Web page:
Tracer nabs $18.1 to aggregate and normalize business data

Tracer, a platform that attempts to consolidate an organization’s data sources and enrich them with business insights, today announced that it raised $18.1 million in a Series A funding round co-led by NewRoad Capital Partners, Progress Ventures, and BDMI with participation from S4S Ventures and Arbour Way Investors.

CEO Jeff Nicholson said that the new cash will be put toward Tracer’s expansion efforts, scaling its technology, establishing a sales team and “enhancing” the startup’s client success resources. To date, Tracer has raised $30 million.

“With the backing of our investors and confidence in our future, Tracer is well-positioned to achieve continued success and make a significant impact in the market, not only for marketers but also to empower businesses spanning diverse industries,” Nicholson told TechCrunch via email.

Tracer traces its roots back to 2015 when co-founders Nicholson and Leighton Welch pitched Gary Vaynerchuk, the entrepreneur and internet personality, on building out a global media department inside of Vaynerchuk’s creative agency, VaynerMedia. Over the next few years, the media department grew from a few people to a few hundred people, all the while incubating a tech company to power the department as it scaled.

The tech company became Tracer, which spun out as an LLC in 2018 at the request of a customer. Nicholson came on as CEO in 2020, and in 2021, Tracer raised its first seed round.

“Most companies today are doing reporting and analytics by building out a ‘modern data stack,’” Nicholson said. “We believe that’s too expensive — and too complicated. The modern data stack is a means to an end — reporting and analytics – and the intellectual property is in how you use it.”


Image Credits: Tracer

So what does Tracer do, exactly? A few things. First, the platform ingests data ranging from advertising and sales metrics to customer data and web traffic. Then, it overlays business context on top of this data, outputting the results to spreadsheets, emails, databases, dashboards and other channels.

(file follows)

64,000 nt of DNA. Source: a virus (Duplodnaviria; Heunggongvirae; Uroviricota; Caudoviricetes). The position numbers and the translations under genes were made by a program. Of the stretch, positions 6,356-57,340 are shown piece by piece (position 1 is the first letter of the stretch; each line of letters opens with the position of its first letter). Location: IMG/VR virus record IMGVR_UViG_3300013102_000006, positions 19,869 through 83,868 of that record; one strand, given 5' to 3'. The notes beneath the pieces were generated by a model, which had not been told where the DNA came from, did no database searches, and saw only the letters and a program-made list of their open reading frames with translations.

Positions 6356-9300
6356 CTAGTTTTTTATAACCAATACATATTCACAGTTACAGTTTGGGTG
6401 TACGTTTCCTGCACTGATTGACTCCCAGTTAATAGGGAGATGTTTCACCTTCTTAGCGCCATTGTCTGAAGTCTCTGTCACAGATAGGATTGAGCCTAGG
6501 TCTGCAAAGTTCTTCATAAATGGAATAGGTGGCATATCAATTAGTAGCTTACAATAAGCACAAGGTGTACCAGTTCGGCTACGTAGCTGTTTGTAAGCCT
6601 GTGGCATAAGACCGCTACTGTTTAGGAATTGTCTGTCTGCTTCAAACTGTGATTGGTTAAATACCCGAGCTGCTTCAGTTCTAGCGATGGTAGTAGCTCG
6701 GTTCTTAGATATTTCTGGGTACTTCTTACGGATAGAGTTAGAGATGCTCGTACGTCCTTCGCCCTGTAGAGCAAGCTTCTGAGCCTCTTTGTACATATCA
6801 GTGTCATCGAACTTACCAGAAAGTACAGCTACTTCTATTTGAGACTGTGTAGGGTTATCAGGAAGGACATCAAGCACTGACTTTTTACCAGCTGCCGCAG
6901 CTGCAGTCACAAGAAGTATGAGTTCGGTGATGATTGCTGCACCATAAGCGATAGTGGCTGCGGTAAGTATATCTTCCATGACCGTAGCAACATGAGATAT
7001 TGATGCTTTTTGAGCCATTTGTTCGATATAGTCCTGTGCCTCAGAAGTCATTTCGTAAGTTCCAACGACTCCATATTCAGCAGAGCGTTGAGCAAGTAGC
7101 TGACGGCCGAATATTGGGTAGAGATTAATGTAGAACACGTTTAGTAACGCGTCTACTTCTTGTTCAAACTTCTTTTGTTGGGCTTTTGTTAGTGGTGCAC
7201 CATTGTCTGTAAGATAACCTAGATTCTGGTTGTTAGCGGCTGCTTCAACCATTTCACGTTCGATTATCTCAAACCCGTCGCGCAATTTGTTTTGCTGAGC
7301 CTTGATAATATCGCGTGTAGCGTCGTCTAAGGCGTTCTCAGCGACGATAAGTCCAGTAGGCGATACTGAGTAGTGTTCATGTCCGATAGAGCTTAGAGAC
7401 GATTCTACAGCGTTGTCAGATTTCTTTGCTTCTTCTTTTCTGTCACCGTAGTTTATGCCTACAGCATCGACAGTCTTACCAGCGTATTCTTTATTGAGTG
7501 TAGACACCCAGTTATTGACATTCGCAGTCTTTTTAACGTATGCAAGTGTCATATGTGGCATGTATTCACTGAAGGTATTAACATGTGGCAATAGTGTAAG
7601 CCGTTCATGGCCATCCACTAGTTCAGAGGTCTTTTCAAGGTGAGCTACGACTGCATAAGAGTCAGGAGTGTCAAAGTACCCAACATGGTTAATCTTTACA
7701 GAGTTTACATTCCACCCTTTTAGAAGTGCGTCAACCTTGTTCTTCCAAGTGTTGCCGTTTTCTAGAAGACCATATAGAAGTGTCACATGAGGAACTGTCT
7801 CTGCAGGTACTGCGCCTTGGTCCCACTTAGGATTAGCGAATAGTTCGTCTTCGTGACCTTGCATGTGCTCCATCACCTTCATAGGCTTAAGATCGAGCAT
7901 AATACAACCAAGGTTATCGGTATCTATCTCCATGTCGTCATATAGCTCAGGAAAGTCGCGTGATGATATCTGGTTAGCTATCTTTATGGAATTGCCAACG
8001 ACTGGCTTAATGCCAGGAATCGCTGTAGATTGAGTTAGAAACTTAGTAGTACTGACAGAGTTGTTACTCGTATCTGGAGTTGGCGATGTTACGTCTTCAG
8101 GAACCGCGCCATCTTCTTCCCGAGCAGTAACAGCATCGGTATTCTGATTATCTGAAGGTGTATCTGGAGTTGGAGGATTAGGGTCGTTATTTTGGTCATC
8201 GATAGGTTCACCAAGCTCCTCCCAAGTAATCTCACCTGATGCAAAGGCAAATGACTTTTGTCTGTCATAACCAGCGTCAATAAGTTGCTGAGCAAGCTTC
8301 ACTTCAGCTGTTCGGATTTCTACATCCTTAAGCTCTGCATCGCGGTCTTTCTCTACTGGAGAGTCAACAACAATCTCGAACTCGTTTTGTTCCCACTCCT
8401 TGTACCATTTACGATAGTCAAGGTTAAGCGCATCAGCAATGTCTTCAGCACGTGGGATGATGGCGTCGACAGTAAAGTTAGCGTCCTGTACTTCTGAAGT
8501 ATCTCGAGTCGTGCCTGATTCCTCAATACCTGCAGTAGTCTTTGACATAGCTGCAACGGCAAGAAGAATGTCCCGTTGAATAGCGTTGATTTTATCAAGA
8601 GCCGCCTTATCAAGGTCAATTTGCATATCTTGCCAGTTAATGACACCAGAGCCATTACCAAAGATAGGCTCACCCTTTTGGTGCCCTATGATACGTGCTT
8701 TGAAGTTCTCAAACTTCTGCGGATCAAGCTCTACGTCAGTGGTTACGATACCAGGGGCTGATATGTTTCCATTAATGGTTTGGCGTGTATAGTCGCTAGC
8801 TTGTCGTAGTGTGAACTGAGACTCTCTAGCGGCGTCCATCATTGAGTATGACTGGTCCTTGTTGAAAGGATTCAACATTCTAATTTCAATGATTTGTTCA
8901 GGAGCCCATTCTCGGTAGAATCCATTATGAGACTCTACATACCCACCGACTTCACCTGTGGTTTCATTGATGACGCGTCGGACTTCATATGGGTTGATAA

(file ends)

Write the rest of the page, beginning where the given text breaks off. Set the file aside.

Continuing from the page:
A customer could use Tracer to, for example, visualize their media spend across all major platforms, or view analytics partner data and offline conversion data in a single pane of glass.

“For the data or technical decision-maker or C-suite IT manager, enabling Tracer means cost, time and resources savings,” Nicholson said. “The technology is data agnostic, and we’re able to receive inputs from any source and deliver outputs to any platform … The alternative to Tracer is paying for a lot of different point solutions, and a lot of expensive resources to build and maintain something that is already available for them to use at a fraction of the cost.”

There’s other software that performs the sort of aggregation that Tracer does, including tools sold by Salesforce, ThoughtSpot-backed Mode Analytics and Google-owned Looker. But Tracer has managed to grow slowly but steadily even in the face of competition, recently eclipsing 200 customers — a combination of direct and indirect business via its advertising agency partners — including Sanofi, Papa Johns, Headspace and Condé Nast.

“While Tracer is a software-as-a-service product, we don’t charge by seat or license, meaning our clients have unlimited opportunities to put Tracer in the hands of any and all internal users that may want access — whether a brand, agency or global holding company,” Nicholson said. “Our growth in recent years is a testament to the value we bring to our clients, as well as the value our investors know we will continue to bring to the market as we continue to scale.”

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